On October 31, Tenafly High School student Rachael Kim (’23) was in for a real treat: she won the national championships for Cadet Women’s Foil at the North American Cup in St. Louis, Missouri.
This achievement marks Kim’s second time becoming a national champion, her first being at the 2018 Y12 Women’s Foil National Championships. She is currently ranked eighth in the nation at the Cadet level. And as one would expect, the route to claiming her two gold medals hasn’t been easy.
Regional and divisional fencing competitions feed into nationals, which is the highest level of competition. According to the Academy of Fencing Masters Blog, “This is the big one in America, where the best fencers in the U.S. come together to test their skill.” USA Fencing Nationals, the July Challenge, and the Junior Olympics are all national events that a fencer must qualify for in order to compete. An individual may do so through the previously mentioned regional and divisional competitions. To qualify for the USA Fencing Nationals, a fencer needs to win 110 regional points or place within the top 25% of fencers competing in the Junior Olympics.
Fencing is a niche sport, one with which not many people are familiar. It is often referred to as “moving chess” because it requires a tremendous amount of stamina and concentration. However, the rules of fencing are not as complicated as you might think. The first round of the tournament is called pools, in which a group of six or seven fencers all take turns to fence each other. At the national level, there are roughly 25 pools. A match in every pool goes up to five touches. Your results from the first round determine who you fence in the second round; for example, if you do better in the first round, you would fence an easier opponent. The second round is a direct elimination in which you are eliminated if you lose and are unable to advance. This round goes up to 15 touches. “Fencing is very uncommon but has been gaining attention over the past couple of years,” Kim said. “It’s difficult to learn the rules and the system because it’s information that you learn over time; it’s not something that you can search up and instantly have the answer to. I still learn new things even after over eight years of practice.”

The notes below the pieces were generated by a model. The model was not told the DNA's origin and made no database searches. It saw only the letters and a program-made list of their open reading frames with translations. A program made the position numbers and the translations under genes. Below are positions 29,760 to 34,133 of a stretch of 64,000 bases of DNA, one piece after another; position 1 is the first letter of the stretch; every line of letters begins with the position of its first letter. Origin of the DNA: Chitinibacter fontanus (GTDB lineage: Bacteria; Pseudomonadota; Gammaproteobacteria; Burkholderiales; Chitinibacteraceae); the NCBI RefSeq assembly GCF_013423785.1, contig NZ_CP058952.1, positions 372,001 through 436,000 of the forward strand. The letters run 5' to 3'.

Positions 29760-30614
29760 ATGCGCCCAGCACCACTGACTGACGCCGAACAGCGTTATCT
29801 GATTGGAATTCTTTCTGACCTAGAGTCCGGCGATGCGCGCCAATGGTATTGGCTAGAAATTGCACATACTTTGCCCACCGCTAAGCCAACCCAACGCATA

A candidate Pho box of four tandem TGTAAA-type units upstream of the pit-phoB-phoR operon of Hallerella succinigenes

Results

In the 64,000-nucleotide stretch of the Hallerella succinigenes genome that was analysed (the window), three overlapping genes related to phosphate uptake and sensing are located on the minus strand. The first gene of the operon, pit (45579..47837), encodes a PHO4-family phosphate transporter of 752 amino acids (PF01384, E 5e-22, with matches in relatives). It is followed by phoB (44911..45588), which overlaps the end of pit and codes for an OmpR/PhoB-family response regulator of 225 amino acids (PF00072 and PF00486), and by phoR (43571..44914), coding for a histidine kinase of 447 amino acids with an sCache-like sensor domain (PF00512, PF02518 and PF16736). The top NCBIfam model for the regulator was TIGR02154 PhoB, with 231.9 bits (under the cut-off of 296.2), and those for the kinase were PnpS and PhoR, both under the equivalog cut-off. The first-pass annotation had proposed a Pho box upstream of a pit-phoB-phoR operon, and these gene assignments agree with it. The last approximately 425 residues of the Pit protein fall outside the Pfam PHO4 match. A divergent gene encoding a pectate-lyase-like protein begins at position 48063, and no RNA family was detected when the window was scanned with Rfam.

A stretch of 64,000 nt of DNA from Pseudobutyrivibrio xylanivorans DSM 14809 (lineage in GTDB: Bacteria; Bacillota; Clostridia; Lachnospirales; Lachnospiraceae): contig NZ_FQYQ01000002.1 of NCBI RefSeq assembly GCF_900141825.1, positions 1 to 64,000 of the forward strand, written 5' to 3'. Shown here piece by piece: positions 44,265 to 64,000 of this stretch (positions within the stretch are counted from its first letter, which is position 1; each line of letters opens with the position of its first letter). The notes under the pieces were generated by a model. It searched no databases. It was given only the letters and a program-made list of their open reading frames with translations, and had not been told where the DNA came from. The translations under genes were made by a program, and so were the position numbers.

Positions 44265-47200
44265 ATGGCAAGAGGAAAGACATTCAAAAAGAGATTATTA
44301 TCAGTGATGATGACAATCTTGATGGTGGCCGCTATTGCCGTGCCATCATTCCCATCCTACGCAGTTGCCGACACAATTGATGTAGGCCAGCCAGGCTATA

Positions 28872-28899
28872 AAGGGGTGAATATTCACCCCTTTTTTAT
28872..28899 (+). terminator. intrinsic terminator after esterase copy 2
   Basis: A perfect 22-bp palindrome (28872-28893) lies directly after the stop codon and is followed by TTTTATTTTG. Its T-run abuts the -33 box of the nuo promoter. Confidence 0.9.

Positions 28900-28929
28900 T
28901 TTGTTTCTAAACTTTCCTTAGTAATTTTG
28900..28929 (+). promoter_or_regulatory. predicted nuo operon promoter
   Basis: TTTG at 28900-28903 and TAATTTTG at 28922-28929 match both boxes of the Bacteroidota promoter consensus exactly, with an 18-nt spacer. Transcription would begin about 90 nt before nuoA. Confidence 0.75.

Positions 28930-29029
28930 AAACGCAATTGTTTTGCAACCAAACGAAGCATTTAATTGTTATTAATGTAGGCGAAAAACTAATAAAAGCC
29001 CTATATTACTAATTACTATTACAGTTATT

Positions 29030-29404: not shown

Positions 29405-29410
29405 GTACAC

Kim discovered her passion for fencing at the age of six. She recalls an early memory of when she first started out fencing: “I was invited to a birthday party, but I was so sad that I couldn’t go because I had a fencing tournament that day. I think that’s when I realized how seriously I was taking the sport.” She has had her own share of ups and downs, though. “Especially in the end of 8th grade and beginning of 9th grade, I was going to practice every day after school until late at night, and it was just really tiring for me and I could never get enough sleep and I didn’t know how to manage my time, especially with school,” she said. “Overall, even though you would’ve expected me to do better because I was going to practice every single day, my results got a lot worse because I was burnt out.”
Kim has nationals every month, and starting this year, she has the added responsibility of traveling out of the country to fence internationally for the USA National Team. She recently came back from Budapest, Hungary where she participated in the Cadet Women’s Foil Individual and Team Competition. The USA National Team made it to the final fencing round, winning second place in the tournament. Her next international destinations include Paris, France, and Rome, Italy.
According to Kim, the support of her coach, family, and friends has gotten her to where she is now. “My mom takes so much time out of her day just to drive me to practice 4 times a week now, and she has to wait until practice ends, which is also a few hours,” she said. “My coach helped me through a lot, [too]. [I want to thank] My friends at fencing—and even school friends—for always cheering me on. Whenever I need to rant, I always turn to them first because they understand how I feel because they go through the same things [that] I do.”
This year is a crucial time for Kim because her fencing performance and seeding determines where she will go for college. “My future goals are to do better in junior and senior events and take the bigger step to doing better,” she said.